Grim reading on openDemocracy. Four women share their stories about rape, disclosure, and dealing with rape myths. TW.
Women of the World (WOW) created a public, cultural space where women’s stories of survival and their manner of telling them expanded their particular narratives into the universal and political.
Four women, from Pakistan, the US, Britain and Germany, sit quietly on a panel at a festival as the audience assembles and the hubbub of voices dies away. Silence falls.
Then they speak. The Pakistani woman was 8 years old, possibly younger she says, when her 15 year old cousin began to sexually abuse her. The British woman has never spoken in public before. Her written testimony is simultaneously matter of fact, poetic and searingly affecting. She is shaking as she reads: ‘From the age of 14, I was raped and sexually assaulted 7 times over an 11 year period by 12 different men in 4 countries.’ The American woman says: ‘I was raped 8 years ago when I was 29. It was the classic stranger rape that makes the headlines, and it did.’ The German woman reads a poem then says: ‘It was an older cousin. I was 5 when it started. Actually I don’t know when it started. I can’t remember when the grooming phase ended.’See also this post from earlier today:
– “This is rape culture” – Caitlin Roper on @feministcurrent
For two hours the women give their testimony and talk with others in the audience who have had similar experiences. They have been brought together by Jude Kelly, the artistic director of London’s South Bank Centre, as part of the annual Women of the World Festival (WOW). Kelly is chairing. She has created a space to talk, but not the usual space. This is not a therapy room, where a progression from taboo, secrecy, pain, guilt, and shame towards healing might be hoped for. This is a public, cultural space where the women’s stories and their manner of telling them expand their particular narratives into the universal and political.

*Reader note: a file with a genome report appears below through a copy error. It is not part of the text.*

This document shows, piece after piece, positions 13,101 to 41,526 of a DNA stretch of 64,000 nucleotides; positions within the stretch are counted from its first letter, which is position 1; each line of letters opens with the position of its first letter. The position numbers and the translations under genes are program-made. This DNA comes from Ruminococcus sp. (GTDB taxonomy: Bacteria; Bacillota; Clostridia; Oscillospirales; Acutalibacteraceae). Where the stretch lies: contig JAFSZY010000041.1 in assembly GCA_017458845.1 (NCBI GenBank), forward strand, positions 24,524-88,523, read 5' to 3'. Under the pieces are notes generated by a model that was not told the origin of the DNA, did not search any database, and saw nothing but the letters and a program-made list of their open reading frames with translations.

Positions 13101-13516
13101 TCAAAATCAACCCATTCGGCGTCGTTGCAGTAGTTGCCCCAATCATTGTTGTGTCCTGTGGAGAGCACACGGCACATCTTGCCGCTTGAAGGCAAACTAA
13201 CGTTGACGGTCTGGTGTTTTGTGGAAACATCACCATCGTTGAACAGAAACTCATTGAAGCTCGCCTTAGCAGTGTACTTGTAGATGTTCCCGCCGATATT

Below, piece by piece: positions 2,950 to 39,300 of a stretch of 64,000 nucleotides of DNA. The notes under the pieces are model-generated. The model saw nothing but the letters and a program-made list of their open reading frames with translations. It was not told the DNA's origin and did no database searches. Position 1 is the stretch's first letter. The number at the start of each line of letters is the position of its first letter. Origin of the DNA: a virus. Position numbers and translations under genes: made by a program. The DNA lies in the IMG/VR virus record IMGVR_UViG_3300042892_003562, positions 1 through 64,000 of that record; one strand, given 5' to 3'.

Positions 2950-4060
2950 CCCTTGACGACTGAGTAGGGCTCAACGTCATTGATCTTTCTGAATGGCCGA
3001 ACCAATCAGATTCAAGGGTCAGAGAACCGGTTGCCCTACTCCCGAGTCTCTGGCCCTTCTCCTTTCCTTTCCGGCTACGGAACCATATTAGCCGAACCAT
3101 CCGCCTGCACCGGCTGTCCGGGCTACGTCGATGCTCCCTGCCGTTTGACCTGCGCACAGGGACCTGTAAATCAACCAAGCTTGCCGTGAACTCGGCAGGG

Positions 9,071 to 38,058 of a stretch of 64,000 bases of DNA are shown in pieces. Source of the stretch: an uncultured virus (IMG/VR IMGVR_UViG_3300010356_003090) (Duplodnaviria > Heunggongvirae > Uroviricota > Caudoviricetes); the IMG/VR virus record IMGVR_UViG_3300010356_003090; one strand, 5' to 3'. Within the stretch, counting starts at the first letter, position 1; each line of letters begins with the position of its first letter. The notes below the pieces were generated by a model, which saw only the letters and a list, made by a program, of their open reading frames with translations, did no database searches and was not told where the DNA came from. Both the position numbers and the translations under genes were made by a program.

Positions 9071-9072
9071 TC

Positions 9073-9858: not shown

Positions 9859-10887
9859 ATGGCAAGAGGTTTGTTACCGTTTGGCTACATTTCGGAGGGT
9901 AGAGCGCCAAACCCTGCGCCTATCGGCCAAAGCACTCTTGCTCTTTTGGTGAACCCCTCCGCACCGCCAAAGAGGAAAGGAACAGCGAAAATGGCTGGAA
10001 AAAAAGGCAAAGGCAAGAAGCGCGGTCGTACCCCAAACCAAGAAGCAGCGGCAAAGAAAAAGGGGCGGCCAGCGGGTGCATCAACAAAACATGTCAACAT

One woman’s story:
‘It took me a long time to say that he had raped me. There was no escape. It never felt like an option to tell anyone. It became normal for me. I was 16 when these memories came back. It was hard to differentiate what was real. I was having flashbacks and nightmares and I couldn’t sleep. I needed help. I tried to tell my parents. I didn’t want to hurt them. I only told them a little. My mum is a doctor. It wasn’t that she didn’t believe me. Her reaction was “Get over it. It happens to all of us.” And that person, my cousin, was still in my life. The duty to hold the family together was a priority. What happened after is worse. It was all about him, what people would say. The last time I went to Karachi I refused to stay at my uncle’s house. My mum said I had to – in the exact same room where everything had happened to me.
‘There is a constant message: “Don’t say”. But talking about it publicly is taking the power back. My parents want me to get married. I had a panicked phone call from mum: “Don’t say anything about this”. But as long as I keep hiding that I can’t be myself. It’s a cultural thing. When we are silent we are complicit. We’ve got to challenge the culture.’
– Winnie (US)
© and read the rest: Rape testimony: pitting truths against rape culture openDemocracy